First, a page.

Westminster School is being kept on its toes by its partner sixth-form college round the corner, Harris Westminster. There’s no imminent threat yet, in the ‘How many did you get into Oxbridge?’ stakes: last year, Westminster (private, £10,497 per term for day sixth-formers) got 71 of its pupils into Oxbridge, and Harris Westminster (state, £0 per term) got 36 in from a cohort about twice the size.
But watch those Oxbridge statistics draw closer to each other in the next few years, as Harris Westminster’s highly motivated and excellently taught students continue to soar, and Oxbridge colleges become ever more nervous of offering places to the (as they see it) over-entitled and over-advantaged privately educated middle classes.
How do I get my son or daughter into Harris Westminster? Well, you don’t. For a start, the teenagers do it themselves. Their motivation, not yours, is all. As James Handscombe, the principal, tells me, the 60-40 ratio of girls to boys is there from the moment of application because girls seem to be better at getting themselves organised to apply than boys of GCSE age. (Come on, boys, get out of bed and sort yourselves.) Applicants sit an entrance exam in two of the four subjects they want to study for A-level, and then, if they’re in the top 700 of marks for those, go for an Oxbridge-style interview. Last year, 2,500 applicants took exams for 350 places, which are conditional on getting at least six GCSEs graded 7-9 or above (A to A*).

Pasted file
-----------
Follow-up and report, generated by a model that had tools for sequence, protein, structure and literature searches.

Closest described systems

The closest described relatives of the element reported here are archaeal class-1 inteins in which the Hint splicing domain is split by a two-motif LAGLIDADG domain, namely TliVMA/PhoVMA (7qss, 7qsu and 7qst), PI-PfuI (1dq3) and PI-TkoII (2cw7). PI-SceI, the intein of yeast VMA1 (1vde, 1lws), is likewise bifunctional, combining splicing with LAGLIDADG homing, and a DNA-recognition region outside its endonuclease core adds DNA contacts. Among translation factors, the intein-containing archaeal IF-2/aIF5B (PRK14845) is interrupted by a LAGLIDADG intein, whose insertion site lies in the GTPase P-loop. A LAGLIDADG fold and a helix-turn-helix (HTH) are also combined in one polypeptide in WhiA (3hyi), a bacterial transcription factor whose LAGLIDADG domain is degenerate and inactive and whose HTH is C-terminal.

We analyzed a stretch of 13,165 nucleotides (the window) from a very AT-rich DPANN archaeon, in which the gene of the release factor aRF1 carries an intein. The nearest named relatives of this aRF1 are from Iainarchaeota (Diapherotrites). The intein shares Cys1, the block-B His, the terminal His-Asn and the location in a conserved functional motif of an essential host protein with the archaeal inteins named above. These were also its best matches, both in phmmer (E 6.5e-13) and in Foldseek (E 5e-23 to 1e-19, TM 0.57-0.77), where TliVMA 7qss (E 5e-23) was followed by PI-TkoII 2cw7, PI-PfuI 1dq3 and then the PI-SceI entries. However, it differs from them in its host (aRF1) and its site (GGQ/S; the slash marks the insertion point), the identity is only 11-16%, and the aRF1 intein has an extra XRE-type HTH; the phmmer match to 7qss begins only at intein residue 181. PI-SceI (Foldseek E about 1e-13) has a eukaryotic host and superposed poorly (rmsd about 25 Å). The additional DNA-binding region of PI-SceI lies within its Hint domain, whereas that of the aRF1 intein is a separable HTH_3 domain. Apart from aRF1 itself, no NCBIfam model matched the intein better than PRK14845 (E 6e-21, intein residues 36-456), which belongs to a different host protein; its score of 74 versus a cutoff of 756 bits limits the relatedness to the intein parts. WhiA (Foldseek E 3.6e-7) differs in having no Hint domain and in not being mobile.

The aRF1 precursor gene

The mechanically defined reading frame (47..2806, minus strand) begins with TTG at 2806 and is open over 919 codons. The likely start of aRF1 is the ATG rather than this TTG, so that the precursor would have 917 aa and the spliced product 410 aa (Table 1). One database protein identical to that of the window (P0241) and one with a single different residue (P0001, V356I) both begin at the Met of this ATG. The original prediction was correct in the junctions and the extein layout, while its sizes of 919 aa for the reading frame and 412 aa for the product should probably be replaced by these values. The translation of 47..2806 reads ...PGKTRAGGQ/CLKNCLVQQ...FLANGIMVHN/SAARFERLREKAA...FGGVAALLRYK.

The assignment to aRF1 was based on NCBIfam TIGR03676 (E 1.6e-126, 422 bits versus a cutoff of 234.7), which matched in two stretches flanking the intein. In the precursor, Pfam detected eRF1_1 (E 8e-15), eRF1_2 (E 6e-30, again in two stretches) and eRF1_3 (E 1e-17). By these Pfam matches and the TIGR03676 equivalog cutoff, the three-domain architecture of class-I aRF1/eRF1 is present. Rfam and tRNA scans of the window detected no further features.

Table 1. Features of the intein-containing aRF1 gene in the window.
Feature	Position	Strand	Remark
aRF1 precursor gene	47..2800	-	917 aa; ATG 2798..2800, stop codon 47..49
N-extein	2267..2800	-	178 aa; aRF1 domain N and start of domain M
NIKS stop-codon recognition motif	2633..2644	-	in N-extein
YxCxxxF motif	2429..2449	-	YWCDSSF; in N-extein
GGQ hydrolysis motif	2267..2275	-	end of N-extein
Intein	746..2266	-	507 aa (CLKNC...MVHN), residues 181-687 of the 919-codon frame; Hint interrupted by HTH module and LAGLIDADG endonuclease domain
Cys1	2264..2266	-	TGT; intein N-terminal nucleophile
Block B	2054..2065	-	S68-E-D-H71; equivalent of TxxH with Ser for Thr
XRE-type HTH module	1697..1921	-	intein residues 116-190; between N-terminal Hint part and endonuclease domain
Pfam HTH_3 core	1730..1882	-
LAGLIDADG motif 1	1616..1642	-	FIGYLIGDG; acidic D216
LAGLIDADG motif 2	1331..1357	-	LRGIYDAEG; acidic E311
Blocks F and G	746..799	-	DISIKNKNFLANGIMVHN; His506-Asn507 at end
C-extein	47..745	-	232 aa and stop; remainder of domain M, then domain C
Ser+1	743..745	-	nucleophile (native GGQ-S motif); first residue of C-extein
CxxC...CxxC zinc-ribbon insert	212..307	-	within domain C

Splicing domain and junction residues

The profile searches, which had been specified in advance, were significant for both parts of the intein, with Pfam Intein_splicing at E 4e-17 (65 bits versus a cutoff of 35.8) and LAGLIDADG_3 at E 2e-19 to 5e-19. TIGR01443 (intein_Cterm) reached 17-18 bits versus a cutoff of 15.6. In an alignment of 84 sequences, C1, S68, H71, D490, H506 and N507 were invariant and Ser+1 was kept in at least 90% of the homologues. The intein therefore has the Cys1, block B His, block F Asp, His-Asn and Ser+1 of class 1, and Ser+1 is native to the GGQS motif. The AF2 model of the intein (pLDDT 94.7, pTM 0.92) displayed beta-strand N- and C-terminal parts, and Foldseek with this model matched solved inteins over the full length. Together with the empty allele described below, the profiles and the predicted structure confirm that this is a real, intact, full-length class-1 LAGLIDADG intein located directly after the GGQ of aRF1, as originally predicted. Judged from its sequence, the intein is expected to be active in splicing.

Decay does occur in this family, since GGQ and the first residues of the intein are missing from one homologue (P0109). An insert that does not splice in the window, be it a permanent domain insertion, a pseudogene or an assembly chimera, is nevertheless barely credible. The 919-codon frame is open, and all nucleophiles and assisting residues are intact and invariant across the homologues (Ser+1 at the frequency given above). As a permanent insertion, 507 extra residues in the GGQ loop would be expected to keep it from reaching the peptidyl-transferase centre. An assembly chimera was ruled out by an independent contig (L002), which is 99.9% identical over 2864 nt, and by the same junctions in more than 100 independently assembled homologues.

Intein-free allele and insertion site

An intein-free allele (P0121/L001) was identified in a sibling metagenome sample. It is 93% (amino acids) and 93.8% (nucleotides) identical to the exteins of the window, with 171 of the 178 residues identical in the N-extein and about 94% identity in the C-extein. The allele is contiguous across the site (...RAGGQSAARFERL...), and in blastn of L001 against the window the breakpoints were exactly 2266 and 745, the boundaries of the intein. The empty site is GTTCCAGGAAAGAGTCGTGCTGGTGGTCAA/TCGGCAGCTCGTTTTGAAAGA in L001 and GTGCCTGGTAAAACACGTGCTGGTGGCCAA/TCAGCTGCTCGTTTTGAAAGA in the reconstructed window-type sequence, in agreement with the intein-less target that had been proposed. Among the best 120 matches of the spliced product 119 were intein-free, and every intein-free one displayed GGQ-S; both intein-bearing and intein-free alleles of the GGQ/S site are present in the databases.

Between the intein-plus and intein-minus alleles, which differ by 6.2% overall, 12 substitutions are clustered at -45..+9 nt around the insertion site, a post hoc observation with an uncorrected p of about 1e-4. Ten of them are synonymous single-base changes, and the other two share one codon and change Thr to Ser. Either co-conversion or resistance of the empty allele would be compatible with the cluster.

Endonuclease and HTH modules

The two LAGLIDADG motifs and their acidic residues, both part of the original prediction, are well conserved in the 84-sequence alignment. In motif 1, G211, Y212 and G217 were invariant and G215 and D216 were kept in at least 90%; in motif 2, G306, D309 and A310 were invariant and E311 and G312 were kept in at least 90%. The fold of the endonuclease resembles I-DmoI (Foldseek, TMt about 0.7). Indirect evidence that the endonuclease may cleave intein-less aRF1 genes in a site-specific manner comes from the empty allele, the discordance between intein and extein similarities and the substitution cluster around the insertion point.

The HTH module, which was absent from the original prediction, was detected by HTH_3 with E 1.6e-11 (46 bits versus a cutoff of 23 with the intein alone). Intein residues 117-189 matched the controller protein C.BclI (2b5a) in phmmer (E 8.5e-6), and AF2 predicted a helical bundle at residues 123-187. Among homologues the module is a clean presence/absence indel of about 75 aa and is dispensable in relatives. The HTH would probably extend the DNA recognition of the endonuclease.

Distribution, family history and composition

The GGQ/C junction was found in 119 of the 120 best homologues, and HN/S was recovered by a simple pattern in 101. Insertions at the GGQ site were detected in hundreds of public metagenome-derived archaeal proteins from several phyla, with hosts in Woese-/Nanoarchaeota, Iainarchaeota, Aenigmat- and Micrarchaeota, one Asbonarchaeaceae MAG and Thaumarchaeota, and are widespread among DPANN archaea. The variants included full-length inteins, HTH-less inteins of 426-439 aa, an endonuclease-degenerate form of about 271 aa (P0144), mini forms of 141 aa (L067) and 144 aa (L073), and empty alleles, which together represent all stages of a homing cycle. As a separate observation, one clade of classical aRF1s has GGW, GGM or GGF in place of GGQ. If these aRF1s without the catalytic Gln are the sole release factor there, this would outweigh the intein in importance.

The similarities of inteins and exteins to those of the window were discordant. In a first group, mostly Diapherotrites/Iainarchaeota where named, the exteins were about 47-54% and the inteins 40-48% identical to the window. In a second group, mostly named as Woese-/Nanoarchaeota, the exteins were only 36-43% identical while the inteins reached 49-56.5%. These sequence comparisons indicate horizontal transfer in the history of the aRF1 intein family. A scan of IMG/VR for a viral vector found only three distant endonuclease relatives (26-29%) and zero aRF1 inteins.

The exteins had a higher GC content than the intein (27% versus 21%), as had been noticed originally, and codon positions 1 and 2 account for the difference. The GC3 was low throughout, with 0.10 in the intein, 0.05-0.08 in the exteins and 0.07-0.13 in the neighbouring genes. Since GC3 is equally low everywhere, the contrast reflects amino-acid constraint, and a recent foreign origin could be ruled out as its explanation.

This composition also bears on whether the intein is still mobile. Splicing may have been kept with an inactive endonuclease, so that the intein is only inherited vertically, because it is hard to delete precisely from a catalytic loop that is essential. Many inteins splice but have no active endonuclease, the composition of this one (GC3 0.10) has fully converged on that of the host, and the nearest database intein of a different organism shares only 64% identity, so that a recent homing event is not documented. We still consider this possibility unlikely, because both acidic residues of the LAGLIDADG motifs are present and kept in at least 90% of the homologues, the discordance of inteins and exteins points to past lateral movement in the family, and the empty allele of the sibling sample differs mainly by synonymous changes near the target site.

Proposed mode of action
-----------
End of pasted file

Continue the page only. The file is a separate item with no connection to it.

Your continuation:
Given up yet? It gets harder. If your son or daughter passes the exam and interview, he or she will be given priority according to disadvantage. ‘Last year,’ says Handscombe, ‘we had lots of appeals from people who’d done well enough to get in — often very well — but we hadn’t got places for them as we’re prioritising the disadvantaged.’